A Christmas Message

By The Very Revd Jane Hedges, Dean of Norwich - 24 December 2018

Newborn babies tend to attract attention! A newborn was brought to a Cathedral service just a couple of weeks ago and at the end of the service he had drawn quite a crowd around him, cooing over him and admiring him. It’s somehow a human instinct to be filled with pleasure as we look at a tiny baby.

And why is that? For many of us an encounter such as this is a reminder of the wonder of life – the miracle of it all, especially as you look at tiny hands and perfectly formed minute finger nails. Then there is the huge potential that a new life represents – here before us is a brand new human being, as yet unblemished by all the things that will eventually test and trouble him or her – for now, there are no worries or responsibilities. Yet new born babies are utterly dependent upon others for their care and nurture, this is vulnerability at its extreme.

Those of us who have brought up children also know that the addition of a baby into your life, changes life for ever – not only does this new baby rely on you for everything, you are also completely attached through the invisible yet absolutely powerful bond of love.

At Christmas our thoughts are turned to a particular baby – Jesus, born around 2000 years ago in Bethlehem. Born to very ordinary parents, in small remote town, all those years ago and yet, what an impact his birth made and has continued to make on our world.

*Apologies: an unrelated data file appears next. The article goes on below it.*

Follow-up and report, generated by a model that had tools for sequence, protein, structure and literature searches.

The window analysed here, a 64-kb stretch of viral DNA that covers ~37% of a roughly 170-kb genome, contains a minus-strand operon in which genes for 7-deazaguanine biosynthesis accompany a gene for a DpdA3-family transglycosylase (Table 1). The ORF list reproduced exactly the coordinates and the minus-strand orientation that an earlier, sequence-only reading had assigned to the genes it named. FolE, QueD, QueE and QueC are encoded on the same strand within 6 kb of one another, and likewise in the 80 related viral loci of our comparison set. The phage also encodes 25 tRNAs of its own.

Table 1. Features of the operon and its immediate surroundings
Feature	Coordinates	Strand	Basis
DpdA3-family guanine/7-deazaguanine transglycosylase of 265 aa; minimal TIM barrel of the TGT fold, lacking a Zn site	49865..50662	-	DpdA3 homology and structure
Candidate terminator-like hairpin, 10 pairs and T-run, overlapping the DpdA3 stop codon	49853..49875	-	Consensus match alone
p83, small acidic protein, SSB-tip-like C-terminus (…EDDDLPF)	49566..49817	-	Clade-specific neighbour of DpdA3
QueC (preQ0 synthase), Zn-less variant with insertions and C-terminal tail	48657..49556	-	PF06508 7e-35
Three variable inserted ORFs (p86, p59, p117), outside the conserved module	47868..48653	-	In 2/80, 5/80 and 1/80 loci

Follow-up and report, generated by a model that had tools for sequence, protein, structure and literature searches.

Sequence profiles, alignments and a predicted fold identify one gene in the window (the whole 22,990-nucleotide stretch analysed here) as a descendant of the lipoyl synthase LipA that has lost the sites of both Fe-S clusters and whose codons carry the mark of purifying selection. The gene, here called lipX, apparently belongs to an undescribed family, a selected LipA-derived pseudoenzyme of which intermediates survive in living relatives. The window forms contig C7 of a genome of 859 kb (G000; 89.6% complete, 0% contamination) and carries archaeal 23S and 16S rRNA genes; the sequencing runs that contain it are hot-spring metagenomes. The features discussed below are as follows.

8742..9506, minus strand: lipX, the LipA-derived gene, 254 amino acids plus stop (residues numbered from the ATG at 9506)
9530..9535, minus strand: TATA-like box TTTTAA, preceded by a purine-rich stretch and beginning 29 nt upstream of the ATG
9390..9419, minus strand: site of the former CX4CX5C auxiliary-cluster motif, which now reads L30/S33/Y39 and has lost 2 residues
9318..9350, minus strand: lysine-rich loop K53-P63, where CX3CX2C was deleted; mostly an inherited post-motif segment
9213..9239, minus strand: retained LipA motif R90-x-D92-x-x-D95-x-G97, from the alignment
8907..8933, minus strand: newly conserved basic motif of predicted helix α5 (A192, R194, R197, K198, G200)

God might have chosen any number of means of breaking into the life of his world to draw people back to himself, but he chose to come in this tiny, vulnerable baby. A baby, who attracted attention from the very start of his life as first the excited shepherds were drawn to his manger, followed by exotic wise men bringing gifts from the East, and soon afterwards by the malevolent intentions of the wicked King Herod, forcing his parents to flee from their country and to become refugees.

As he grew up Jesus experienced all the ups and downs of being human, but even in these early months of his life he experienced the best and the worst of human behaviour from those around him.

As we think about his experiences, we can be assured at this Christmas time that whoever we are, whatever our hopes, concerns, fears, expectations or pressures in life, God is with us and wants to draw close to us.

So will we let ourselves be drawn and captivated by the baby whose birthday we are about to celebrate? Will we not only look and admire as we might when we see any newborn, but come closer and discover what became of him, how he changed the world forever and how he can change each one of us.

I wish you a truly happy Christmas.

Picture: Bill Smith

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